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Bank Rate hits 2.25%, but what does that mean for borrowers? Our views.

The Bank of England’s Monetary Policy Committee (MPC) has, for the seventh time in a row, moved Bank Rate upwards today. It’s another half point rise, meaning that Bank Rate now sits at 2.25%. It means that the cost of borrowing is now at its highest level since all hell broke loose during the 2008 financial crisis. Not, it’s fair to say, a period of history many of us look back fondly on.

Of course, most of us are aware that the Bank is desperately trying to tackle the run-away inflation train, which currently sits at 9.9%, an eye-watering five times the bank’s target rate of 2%. And, while we’re talking inflation, predictions are now that it will peak at 11% in October. In a sea of bad news, this offers some (relative) consolation, as previous predictions had a peak of 13%.

There’s little doubt that the Bank is facing a tricky balancing act. One which even the most accomplished walker of tight ropes wouldn’t particularly fancy.

The devil of the detail

Looking in detail at the minutes of the MPC, the decision was firmly split. Of the nine members of the committee, five voted in favour of a 0.5% rise, whilst three voted for a 0.75% rise. The other member preferred a more cautious rise of 0.25%. Interesting, to say the very least. What it does show you is that even those who know more than most of us aren’t exactly sure what the best course of action is.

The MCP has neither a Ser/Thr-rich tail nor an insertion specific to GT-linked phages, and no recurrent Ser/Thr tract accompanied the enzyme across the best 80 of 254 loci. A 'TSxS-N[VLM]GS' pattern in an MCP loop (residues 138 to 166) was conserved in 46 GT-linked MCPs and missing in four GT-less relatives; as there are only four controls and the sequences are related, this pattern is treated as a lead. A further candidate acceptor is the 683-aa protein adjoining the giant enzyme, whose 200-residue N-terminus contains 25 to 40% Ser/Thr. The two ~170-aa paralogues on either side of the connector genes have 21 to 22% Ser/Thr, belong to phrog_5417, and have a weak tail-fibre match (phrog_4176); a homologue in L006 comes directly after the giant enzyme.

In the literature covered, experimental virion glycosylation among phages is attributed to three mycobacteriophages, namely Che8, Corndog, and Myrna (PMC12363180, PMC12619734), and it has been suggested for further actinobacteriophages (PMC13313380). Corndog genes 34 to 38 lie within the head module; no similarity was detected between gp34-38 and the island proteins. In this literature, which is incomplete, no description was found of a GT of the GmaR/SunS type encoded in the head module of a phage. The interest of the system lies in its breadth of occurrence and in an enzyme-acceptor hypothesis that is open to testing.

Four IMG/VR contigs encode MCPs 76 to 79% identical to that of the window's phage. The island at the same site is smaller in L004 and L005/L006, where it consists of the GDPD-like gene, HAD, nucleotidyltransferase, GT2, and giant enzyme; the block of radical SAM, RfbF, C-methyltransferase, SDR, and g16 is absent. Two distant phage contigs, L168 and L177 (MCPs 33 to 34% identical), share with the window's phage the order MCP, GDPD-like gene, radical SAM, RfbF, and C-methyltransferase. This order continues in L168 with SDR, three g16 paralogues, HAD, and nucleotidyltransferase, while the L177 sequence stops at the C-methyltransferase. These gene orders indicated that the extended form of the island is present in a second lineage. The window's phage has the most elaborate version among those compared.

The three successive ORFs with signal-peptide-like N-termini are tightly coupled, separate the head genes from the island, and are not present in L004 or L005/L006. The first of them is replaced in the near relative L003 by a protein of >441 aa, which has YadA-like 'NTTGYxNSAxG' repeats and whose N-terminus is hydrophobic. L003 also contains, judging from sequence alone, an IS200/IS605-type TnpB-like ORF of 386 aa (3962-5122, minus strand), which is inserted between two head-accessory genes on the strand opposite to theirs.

We do think that, unfortunately, this isn’t the end of the rises. Financial markets are predicting that rates may go as high as 5%, although for what it’s worth we think that may be a tad on the high side. All eyes will now be on November’s decision because, at this point, the Bank will calculate a new inflation forecast which will include all the recent government interventions in the energy markets.

What should borrowers do now?

Only a few months ago, the decision on what product to take was fairly easy. Fixed rates offered such value at most time periods, that they really were the product of choice. But you don’t need us to tell you that an awful lot has changed since then.

To give an example, one leading household mortgage lender currently offers a 2-year fixed rate at 75% Loan to Value for 4.15%. Their 5-year fixed rate is at 4.45%, and their 10-year fixed rate is at 3.65%. Whereas, looking at their 2-year tracker, a product that (as the name helpfully points out) tracks the Bank of England Base Rate, it is priced at 0.95% above Bank Rate. That means a current pay rate of 3.2%, almost 1% less than the fixed rate equivalent.

So, which product you take very much depends on where you think interest rates will go from here and how fast they will get there. If more significant rises happen quickly then fixed rates still look the more sensible choice, but if we get into a flow of steady rises, then there could be overall value in the tracker. And, of course, we need to factor in, as many commentators are predicting, that although the bank rate might rise to higher levels in the short and medium term, it may well start to fall back again after that.

All we can say is that it’s not easy to decide what to do. And therefore, generic advice is broadly worthless. Only individual evaluation of your situation is the right approach. No matter what, if you are due to come off your current rate at any point in the next six months, we should talk.

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